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What Is Shareware?
You've probably heard the terms "public domain", "freeware"
"shareware", and others like them. Your favorite board probably has
many programs described by one or more of these words. There's a lot of
confusion about and between these terms, but they actually have specific
meanings and implications. Once you understand them you will have a
much easier time navigating the maze of programs available to you, and
understanding what your obligations are, or aren't, with each type of
Let's start with some basic definitions.
"Public domain" has a very specific legal meaning. It means that the
creator of a work (in this case, a piece of software) who had legal
ownership of that work, has given up ownership and dedicated the work
"to the public domain". Once something is in the public domain, anyone
can use it in any way they choose, and the author has no control over
the use and cannot demand payment for it.
If you find a program which the author has explicitly put into the
public domain you are free to use it however you see fit, without paying
for the right to use it. But use care -- due to the confusion over the
meaning of the words, programs are often described by others as being
"public domain" when in fact they are shareware or free, copyrighted
software. To be sure a program is public domain you should look for an
explicit statement from the author to that effect.
"Copyrighted" is the opposite of public domain. A copyrighted program
is one where the author has asserted his or her legal right to control
the program's use and distribution by placing the legally required
copyright notices in the program and documentation. The law gives
copyright owners broad rights to restrict how their work is distributed,
and provides for penalties for those who violate these restrictions.
When you find a program which is copyrighted you must use it in
accordance with the copyright owner's restrictions on distribution and
payment. Usually these are clearly stated in the program documentation.
Maintaining a copyright does not necessarily imply charging a fee, so it
is perfectly possible and legal to have copyrighted programs which are
distributed free of charge. Such programs are sometimes termed
"freeware", though this term was in fact trademarked by the late Andrew
Flugelman and the legality of its use by others could be questioned. In
any case, the fact that a program is free does not mean that it is in
the public domain -- though this is a common confusion.
"Shareware" is copyrighted software which is distributed by authors
through bulletin boards, on-line services, disk vendors, and copies
passed among friends. It is commercial software which you are allowed
to try out before you pay for it.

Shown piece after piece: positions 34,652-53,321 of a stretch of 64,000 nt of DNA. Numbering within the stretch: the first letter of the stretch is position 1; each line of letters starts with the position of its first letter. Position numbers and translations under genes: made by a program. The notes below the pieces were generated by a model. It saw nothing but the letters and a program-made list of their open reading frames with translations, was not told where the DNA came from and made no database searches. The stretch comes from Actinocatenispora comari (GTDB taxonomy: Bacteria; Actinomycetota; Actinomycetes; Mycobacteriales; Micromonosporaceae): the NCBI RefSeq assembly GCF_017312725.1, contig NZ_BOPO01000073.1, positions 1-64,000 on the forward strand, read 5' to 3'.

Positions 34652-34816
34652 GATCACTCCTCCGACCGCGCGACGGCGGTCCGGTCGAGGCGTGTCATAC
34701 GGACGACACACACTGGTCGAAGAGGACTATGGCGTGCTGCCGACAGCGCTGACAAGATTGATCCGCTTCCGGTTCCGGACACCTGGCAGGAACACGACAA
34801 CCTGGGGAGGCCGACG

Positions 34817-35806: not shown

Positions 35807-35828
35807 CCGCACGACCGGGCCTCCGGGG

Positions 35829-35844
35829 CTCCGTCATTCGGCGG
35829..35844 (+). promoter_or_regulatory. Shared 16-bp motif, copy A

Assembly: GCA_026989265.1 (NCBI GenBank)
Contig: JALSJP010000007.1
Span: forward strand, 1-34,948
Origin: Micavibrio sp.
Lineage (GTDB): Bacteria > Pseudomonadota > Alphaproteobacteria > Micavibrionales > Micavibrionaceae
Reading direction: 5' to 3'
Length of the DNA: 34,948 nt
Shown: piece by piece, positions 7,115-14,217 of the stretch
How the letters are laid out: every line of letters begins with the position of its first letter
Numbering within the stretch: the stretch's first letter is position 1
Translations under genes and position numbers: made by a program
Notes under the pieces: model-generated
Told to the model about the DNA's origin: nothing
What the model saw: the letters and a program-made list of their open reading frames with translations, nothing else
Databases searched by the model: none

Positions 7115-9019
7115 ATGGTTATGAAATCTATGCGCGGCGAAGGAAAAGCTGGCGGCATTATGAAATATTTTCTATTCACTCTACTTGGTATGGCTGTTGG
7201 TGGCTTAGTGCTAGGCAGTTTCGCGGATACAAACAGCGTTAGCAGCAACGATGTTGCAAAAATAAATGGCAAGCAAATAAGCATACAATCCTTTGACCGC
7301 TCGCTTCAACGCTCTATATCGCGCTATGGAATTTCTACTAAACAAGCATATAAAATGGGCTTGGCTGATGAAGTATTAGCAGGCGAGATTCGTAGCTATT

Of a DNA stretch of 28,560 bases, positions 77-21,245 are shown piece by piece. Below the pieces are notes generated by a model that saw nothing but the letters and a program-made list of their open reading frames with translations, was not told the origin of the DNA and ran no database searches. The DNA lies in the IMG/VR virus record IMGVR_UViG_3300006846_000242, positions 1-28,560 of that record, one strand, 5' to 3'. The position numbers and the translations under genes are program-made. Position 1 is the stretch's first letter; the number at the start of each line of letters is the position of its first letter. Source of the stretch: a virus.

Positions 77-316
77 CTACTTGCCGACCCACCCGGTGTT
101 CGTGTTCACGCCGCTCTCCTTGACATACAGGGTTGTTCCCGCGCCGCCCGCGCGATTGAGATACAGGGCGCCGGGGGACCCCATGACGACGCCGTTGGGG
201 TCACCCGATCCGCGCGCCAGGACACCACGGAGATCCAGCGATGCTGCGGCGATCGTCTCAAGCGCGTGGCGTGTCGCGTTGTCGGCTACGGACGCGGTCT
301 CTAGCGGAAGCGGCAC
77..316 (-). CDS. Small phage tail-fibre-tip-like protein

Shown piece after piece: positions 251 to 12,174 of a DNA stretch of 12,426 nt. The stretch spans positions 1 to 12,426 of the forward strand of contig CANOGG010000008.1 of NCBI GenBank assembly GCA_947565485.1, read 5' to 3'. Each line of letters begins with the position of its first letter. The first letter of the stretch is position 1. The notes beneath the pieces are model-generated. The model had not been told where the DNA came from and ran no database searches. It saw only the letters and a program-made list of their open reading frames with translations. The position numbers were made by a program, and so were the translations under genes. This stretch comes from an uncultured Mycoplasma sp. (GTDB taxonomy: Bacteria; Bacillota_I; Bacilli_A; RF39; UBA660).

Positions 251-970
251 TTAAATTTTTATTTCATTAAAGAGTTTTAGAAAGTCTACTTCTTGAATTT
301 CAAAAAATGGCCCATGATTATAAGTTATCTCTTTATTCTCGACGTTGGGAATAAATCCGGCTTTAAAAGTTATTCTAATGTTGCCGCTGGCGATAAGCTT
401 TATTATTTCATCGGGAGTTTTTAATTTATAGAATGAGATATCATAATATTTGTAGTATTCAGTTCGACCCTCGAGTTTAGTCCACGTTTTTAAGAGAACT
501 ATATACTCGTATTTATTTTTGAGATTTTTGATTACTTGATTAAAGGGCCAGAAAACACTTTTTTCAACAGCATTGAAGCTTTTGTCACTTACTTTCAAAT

Shareware authors use a variety of licensing restrictions on their
copyrighted works, but most authors who support their software require
you to pay a "registration fee" -- the purchase price of the software --
if you continue to use the product after a trial period. Some authors
indicate a specific trial period after which you must pay this fee;
others leave the time period open and rely on you to judge when you have
decided to use the program, and therefore should pay for it.
Occasionally a shareware author requires registration but does not
require payment -- this is so-called "$0 shareware".
The shareware system and the continued availability of quality shareware
products depend on your willingness to register and pay for the
shareware you use. The registration fees you pay allow authors to
support and continue to develop their products.
As a software user you benefit from this system because you get to try
the software and determine whether it meets your needs before you pay
for it. Authors also benefit because we are able to get our products
into your hands with little or no expense for advertising and promotion.
As a result it is not unusual to find shareware products which rival
retail software that costs several times the amount of the shareware
ASP members' shareware meets additional quality standards beyond
ordinary shareware. Our members' programs must be fully functional (not
crippled, demonstration, or out of date versions); program documentation
must be complete and must clearly state the registration fee and the
benefits received when registering; members must provide free mail or
telephone support for a minimum of three months after registration; and
members must meet other guidelines which help to insure that you as a
user receive good value for your money and are dealt with
professionally. We also provide an Ombudsman program to assist in
resolving disputes between authors and users. For more information on
the ASP or to contact the ASP Ombudsman, write to ASP, 545 Grover Road,
Muskegon, MI 49442. You can also contact the Ombudsman on CompuServe
dia an EasyPlex (electronic mail) message to 70007,3536.
SHAREWR.INF January 1994
Provided by Richard Martin